Christina Georgina Rossetti (5 December 1830 – 29 December 1894 / London)
The sweetest blossoms die.
And so it was that, going day by day
Unto the church to praise and pray,
And crossing the green churchyard thoughtfully,
I saw how on the graves the flowers
Shed their fresh leaves in showers,
And how their perfume rose up to the sky
Before it passed away.
The youngest blossoms die.
They die, and fall and nourish the rich earth
From which they lately had their birth;
Sweet life, but sweeter death that passeth by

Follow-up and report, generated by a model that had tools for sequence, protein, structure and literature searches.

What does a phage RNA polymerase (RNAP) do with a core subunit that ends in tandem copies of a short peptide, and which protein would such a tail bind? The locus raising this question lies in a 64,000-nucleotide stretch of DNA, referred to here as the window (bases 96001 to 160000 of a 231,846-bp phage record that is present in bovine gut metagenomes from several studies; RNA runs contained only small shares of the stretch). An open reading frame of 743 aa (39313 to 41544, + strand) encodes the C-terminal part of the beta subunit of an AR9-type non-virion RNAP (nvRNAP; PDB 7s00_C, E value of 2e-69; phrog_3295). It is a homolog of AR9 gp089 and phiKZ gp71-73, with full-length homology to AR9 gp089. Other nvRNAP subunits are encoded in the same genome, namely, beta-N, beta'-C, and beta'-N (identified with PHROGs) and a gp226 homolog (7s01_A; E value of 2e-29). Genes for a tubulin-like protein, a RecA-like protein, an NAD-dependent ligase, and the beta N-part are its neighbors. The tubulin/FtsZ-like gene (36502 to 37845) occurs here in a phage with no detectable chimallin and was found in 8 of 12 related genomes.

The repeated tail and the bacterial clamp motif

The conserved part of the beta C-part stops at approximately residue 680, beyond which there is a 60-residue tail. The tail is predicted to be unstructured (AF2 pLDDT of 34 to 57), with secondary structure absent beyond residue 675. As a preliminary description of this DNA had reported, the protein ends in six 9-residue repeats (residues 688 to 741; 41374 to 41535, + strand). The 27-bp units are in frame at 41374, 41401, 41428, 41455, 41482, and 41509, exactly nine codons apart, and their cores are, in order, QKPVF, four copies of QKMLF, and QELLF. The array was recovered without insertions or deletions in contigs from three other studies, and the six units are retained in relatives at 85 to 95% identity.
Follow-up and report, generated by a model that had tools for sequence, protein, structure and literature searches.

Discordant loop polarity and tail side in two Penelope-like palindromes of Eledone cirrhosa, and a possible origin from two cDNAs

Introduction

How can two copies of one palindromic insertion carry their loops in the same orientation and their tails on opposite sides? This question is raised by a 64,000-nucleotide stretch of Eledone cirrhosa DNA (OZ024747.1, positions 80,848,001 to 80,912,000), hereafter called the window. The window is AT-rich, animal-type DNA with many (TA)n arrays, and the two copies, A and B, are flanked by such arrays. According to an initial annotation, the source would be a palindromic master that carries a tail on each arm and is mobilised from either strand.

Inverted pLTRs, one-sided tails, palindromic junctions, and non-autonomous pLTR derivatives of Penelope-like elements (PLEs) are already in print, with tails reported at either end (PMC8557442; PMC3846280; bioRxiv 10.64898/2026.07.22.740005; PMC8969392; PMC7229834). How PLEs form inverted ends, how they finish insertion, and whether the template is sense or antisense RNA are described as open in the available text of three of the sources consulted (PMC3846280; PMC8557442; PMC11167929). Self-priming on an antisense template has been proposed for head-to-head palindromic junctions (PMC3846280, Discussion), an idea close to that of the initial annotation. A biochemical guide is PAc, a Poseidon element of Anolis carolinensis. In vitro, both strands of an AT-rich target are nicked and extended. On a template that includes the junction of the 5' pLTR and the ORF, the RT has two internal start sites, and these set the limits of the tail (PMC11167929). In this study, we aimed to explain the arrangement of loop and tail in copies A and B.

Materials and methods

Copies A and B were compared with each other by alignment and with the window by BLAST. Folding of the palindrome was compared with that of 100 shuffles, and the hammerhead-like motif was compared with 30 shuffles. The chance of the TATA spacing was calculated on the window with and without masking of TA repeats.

And is as though it had not been:—
All colors turn to green:
The bright hues vanish, and the odours fly,
The grass hath lasting worth.
And youth and beauty die.
So be it, O my God, Thou God of truth:
Better than beauty and than youth
Are Saints and Angels, a glad company;
And Thou, O lord, our Rest and Ease,
Are better far than these.
Why should we shrink from our full harvest? why
Prefer to glean with Ruth?
Christina Georgina Rossetti's Other Poems
- A Baby's Cradle With No Baby In It
- A Better Ressurection
- A Bird’s-Eye View
- A Birthday
- A Bruised Reed Shall He Not Break
- A Chill
- A Christmas Carol
- A City Plum Is Not A Plum
- A Daughter of Eve
- A Diamond Or A Coal?
- A Dirge
- A Dream
- A Farm Walk
- A Frisky Lamb
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